This legislative package includes a series of measures specifically applicable to small and medium enterprises (SMEs), but other general measures as well (nonetheless, most measures concern SMEs).

SMEs are defined as companies having, cumulatively, less than 250 employees and a net annual turnover up to 50 million EUR or their total assets do not exceed EUR 43 million.

Measures applicable to SMEs 

  1. Program of support of SMEs – IMM Invest Romania

    The Ordinance no. 29 modifies Law no 209/2018 regarding the Program of support of SMEs – IMM Invest Romania, by mentioning that the Program consists in granting state guarantee for every participant to the program either for working capital credits or for investment credits. 

    Who is eligible? 

    All SMEs, as defined above, are eligible, assuming they do not have outstanding fiscal obligations. Should they encounter such debts, SMEs still become eligible if they undertake to settle the debts by using the credit for working capital granted within the program.

    What are the measures covered? 

    For SMEs, the State guarantees 80% of the principal amounts (without interest, commissions and charges of the banks) for one or more investment or working capital credits.

    Maximum value of cumulated credits guaranteed by the state to a beneficiary within the program is 10.000.000 lei. For funding working capital, the maximum value of credit/lines of credit cannot exceed the average of costs corresponding to working capital in the last two fiscal years, in the limit of 5.000.000 lei. For microenterprises (companies with up to 9 employees and an annual net turnover/ total assets value below the equivalent in lei of 2 Mil EUR) and small enterprises (between 10 and 49 employees and an annual net turnover/total assets value below the equivalent in lei of 10 Mil EUR) state guarantees is in the limits of 90% of the value of the borrowed amounts. Maximum credit values are of 500.000 lei for microenterprises, respectively maximum 1 Mil lei for small enterprises.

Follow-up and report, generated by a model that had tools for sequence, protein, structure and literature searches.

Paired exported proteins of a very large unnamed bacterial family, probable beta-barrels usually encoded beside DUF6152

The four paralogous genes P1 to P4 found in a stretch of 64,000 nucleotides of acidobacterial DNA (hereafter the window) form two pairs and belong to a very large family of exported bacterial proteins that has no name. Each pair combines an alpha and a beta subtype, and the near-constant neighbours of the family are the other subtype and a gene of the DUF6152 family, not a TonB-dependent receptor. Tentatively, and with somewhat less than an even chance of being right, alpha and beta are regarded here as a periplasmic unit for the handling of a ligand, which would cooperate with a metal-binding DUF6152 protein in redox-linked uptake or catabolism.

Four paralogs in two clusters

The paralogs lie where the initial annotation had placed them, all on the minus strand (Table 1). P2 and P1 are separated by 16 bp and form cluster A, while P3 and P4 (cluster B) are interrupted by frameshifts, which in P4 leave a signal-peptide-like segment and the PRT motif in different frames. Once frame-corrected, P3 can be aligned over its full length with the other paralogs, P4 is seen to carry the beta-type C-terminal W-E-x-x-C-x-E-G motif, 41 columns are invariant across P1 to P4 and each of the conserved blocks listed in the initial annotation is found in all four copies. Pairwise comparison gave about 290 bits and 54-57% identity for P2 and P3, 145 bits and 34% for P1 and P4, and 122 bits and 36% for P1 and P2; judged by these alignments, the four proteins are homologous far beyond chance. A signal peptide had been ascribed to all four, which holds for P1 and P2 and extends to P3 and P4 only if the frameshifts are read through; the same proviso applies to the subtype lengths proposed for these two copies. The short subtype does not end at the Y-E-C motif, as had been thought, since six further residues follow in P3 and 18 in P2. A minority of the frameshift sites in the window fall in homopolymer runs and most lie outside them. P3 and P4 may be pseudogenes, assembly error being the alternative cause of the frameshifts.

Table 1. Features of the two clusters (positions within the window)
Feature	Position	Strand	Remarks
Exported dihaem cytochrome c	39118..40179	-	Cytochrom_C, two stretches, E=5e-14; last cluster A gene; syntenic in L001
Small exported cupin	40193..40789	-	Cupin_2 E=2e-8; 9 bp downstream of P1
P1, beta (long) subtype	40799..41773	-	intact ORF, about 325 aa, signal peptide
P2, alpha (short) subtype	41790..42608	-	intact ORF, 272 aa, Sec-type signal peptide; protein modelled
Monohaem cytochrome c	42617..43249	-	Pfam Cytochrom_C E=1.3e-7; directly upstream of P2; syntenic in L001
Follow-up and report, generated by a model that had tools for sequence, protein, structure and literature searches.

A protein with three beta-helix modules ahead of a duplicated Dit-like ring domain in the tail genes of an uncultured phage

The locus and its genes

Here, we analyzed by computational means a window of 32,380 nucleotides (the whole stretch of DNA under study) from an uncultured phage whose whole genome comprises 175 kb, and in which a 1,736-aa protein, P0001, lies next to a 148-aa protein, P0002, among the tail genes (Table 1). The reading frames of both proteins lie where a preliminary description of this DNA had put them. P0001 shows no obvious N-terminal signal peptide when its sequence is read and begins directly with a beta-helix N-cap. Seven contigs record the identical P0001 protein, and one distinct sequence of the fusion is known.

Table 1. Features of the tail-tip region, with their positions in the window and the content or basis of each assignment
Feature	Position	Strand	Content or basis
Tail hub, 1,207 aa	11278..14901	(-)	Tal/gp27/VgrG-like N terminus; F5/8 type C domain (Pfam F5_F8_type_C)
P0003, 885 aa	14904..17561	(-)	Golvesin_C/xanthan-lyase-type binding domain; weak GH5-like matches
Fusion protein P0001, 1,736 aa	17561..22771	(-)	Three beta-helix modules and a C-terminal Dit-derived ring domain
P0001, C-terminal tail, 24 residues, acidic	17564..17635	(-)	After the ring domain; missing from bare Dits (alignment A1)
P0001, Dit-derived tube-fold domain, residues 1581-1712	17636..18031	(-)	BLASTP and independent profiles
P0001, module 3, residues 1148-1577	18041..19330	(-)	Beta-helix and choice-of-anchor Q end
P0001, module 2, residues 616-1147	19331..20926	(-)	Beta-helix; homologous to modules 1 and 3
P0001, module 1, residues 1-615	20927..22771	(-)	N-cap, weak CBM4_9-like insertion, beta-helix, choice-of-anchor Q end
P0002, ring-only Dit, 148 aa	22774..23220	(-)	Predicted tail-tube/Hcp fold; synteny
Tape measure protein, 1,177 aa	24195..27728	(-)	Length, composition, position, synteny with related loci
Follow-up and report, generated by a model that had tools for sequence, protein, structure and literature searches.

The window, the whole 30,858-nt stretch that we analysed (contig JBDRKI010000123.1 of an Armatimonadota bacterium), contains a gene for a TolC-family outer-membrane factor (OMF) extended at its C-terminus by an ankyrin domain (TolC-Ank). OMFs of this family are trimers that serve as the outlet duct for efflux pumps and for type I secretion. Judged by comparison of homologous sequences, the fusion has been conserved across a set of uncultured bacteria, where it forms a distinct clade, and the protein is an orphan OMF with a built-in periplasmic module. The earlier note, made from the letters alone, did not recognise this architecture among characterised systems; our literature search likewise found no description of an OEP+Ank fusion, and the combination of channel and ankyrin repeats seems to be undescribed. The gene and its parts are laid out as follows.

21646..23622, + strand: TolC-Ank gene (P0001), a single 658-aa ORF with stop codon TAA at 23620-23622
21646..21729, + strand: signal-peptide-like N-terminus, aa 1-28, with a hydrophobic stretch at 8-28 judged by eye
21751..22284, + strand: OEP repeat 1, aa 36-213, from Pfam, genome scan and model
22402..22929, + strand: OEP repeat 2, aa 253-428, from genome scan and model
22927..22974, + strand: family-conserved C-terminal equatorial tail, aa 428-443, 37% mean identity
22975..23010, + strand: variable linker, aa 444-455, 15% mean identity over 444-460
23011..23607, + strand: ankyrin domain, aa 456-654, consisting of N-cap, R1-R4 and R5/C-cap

The maximum duration of the funding is of 120 months for investment credits and 36 months for working capital credit.

    In addition, for the credits mentioned above, the state is subsidizing the rate interest in proportion of 100%, under the state aid scheme/de minimis associated to this program. The period of rate interest subsidizing starts from granting the credit after the entry into force of the Ordinance and may last until 31 March 2021. 

    Also, the administration commission which is due by the beneficiary to the National Fund for Guarantee of Credits for SMEs will be supported by the State under the state aid scheme/de minimis associated to this program.
  2. Other support measures applicable to SMEs
    1. SMEs which have an emergency certificate issued by the Ministry of Economy, Energy and Business Environment will benefit from postponing the payment for utilities services – electricity, natural gas, water, telephony & internet service, as well as postponing the payment of the rent for the headquarters and for secondary offices.

      For other types of contracts concluded by SMEs, force majeure may be invoked only after having tried to renegotiate the contract in view of adapting its clauses in the light of the exceptional conditions generated by the state of emergency. This attempt must be documented by any kind of correspondence between the parties.

      It is also legally presumed that the actions imposed by authorities for the prevention and fight against the COVID-19 pandemic which has the activity of SMEs (negative impact proved by the certificate of emergency situation) constitutes force majeure (but this presumption can be overthrown in court).